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Turner’s pledge to Irish continues commitment to secondary

Jun 27, 2011, 3:01 PM EDT

Chinedum Ndukwe

It turns out it didn’t take a few weeks to make a college decision. Over the weekend, just days after earning his way to a scholarship offer, John Turner pulled the trigger, committing to Notre Dame.

“It was just a perfect fit,” Turner told the South Bend Tribune. “Every time I came up I fell in love with it again. The academics, the people there, the coaches, just everything. I loved it.”

Turner is the eleventh commitment to the Irish, and the 6-foot-2, 200-pound safety adds another physical presence to the secondary’s depth chart. After spending last recruiting cycle making a commitment to the physicality and size of the front-seven, the Irish recruiting efforts seem to have been focused on replentishing the secondary, with Nicky Baratti, Ronald Darby, CJ Prosise, and Tee Shepard already committed to play for Chuck Martin and Kerry Cooks.

The Irish are in need of reinforcements, with Gary Gray, Robert Blanton and Harrison Smith all in their final seasons of eligibility. And while Turner’s commitment might not have resonated on the national scale, he fits the prototype of what Brian Kelly and his staff are looking for in a safety.

We’ve spent a lot of time pointing out the height/weight specs of defensive ends and outside linebackers in Brian Kelly’s system, but Kelly seems to be revealing the archetype of what he’s looking for in defensive backs as well.

Until last season, the Irish defense was plagued by mediocre secondary play. Either a step slow or underwhelming physically, Notre Dame was often “out-athleted” by opposing offenses, and the results were often painfully obvious.

Under Charlie Weis, the Irish rarely picked up players of Turner’s physical profile. If you’re looking for safeties that were at least 6-foot-2 and 200-pounds, you can only find four — David Bruton, Harrison Smith, Zeke Motta and Danny McCarthy. Motta had a breakout season last year, thrust into action after injuries depleted the depth chart. McCarthy has been plagued by injuries throughout the beginning of his career, but like his brother has the chance to be a great late bloomer. David Bruton, when he’s not substitute teaching, is an NFL safety for the Broncos. Harrison Smith is on the way.

(Interestingly, Chinedum Ndukwe is the perfect example of why finding prototype athletes at safety is such a good way to go. Whether he was on campus as a linebacker, wide receiver, or safety, his speed and athleticism is what got him on the field, and player development is what turned him into a tenured NFL safety.)

In many ways, Turner embodies the type of player Kelly is targeting. A physically impressive safety that just proved to the staff that he has the speed and skillset needed to play at a high level. At safety, all three of the players Notre Dame has received commitments from are 6-foot-2 and at least 190-pounds, revealing that the Irish understand the need to bring in physical players that can both cover space and play physically at the point of attack.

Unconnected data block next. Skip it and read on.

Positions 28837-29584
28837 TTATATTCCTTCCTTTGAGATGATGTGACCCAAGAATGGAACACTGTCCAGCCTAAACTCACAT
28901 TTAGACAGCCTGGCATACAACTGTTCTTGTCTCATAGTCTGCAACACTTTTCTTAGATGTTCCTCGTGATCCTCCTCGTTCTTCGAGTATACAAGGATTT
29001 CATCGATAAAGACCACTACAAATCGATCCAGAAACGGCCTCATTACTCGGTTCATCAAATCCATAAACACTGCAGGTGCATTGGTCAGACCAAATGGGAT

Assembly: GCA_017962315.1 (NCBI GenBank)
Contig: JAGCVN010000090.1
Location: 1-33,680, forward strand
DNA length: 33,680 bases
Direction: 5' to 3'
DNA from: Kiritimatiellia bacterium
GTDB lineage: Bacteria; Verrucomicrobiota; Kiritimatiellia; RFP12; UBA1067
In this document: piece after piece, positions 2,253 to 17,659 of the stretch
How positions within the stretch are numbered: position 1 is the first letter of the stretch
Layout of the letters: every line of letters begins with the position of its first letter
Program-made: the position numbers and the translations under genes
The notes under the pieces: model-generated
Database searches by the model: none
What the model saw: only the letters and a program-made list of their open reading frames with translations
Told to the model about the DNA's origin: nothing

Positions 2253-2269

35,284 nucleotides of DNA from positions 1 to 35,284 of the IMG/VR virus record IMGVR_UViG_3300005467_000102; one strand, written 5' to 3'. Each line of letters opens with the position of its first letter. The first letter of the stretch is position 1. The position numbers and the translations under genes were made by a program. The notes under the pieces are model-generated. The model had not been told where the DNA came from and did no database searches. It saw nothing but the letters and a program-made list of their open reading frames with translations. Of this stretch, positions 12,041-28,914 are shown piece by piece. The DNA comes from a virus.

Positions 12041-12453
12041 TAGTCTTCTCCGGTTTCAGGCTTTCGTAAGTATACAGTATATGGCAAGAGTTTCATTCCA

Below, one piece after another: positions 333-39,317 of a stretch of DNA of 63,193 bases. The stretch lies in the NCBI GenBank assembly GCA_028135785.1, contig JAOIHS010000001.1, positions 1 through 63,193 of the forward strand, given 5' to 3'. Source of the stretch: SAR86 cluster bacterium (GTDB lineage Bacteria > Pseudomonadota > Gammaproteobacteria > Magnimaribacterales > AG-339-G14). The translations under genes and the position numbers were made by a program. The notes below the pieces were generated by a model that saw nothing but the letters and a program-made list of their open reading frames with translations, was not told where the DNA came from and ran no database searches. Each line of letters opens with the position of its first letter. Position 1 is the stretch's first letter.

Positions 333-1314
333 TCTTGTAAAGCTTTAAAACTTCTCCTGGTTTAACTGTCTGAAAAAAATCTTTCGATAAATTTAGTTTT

We won’t know how good Turner, Baratti, or Prosise truly are until they get to campus, but as we saw last year, there’s a plan in place. Once you look at the details, you realize there’s a bit of architecture when it comes to Brian Kelly’s plan. More often than not, that’s a very good thing.

  1. nudeman - Jun 27, 2011 at 4:00 PM

    Every day I read something that impresses me more about Kelly and his approach. Admittedly, virtually all recruits sound great in a write up like this. But to realize just how poor the schematic design guy was in his approach to building a team, go look at last year’s ND-Michigan game. Denard Robinson ran all over the field, at will, blowing through huge holes the line created then easily outracing the secondary for huge gains.

    That was a “wow” moment for me when I realized that the roster, which was about 99% Weis’s creation, was just not worth a sh**. The fact that Kelly got as much out of that team last year and closed as strongly as he did tells me the times are changing in South Bend.

  2. smurphdoggy29 - Jun 27, 2011 at 4:44 PM

    Nudeman I couldn’t agree more, every day I read something that impresses me more and more about Coach Kelly and his approach. The fact he has a foundation, structure, and blue print for what he wants to do speaks volumes. If he is to succeed, or fail, Coach Kelly knows he gave his best effort. Because of the System or “architecture” he has put into place. Organization within an organization is critical, and Coach Kelly knows the players that fit his mold. His mold will win or lose for him, so he has shown his dedication to trying to succeed again and again through this repetitive approach !! God Speed Coach and all the best !! As for the Front Butt he had no foundation nor infrastructure. Now if this was due to his being hired from the NFL to College or not holds no bearing. If you have a clear vision, a plan to implement it, and purpose of mind it will show in the results. Clearly Weis was unprepared to succeed.

    Coach Kelly’s commitment to coaching “up” players and player development is what salvaged the season for the team last season. He put them in the best position they could hope for, with enough gas in the tank, and allowed them to perform at their optimum, they then showed a LOT of character by producing as best they could. Those players from last year should be congratulated for giving their best to Coached that put them in positions to produce.

    The times are a changing by the river they call South Bend, and here’s hoping they continue on the up swing !

  3. nudeman - Jun 27, 2011 at 5:12 PM

    I love the name “Front Butt”. Fits him perfectly. He was the only guy I’ve ever seen who had the stomach procedure done then GAINED weight.

    Here’s the deal on him (my take, anyway): I remember reading Swarbrick talking when he finally shot him about his genuine affection for Weis; and how he was a much different guy than people perceived. I don’t doubt that. Probably a good family man and all that. And I believe he has a daughter who’s handicapped in some way and he’s very committed to her.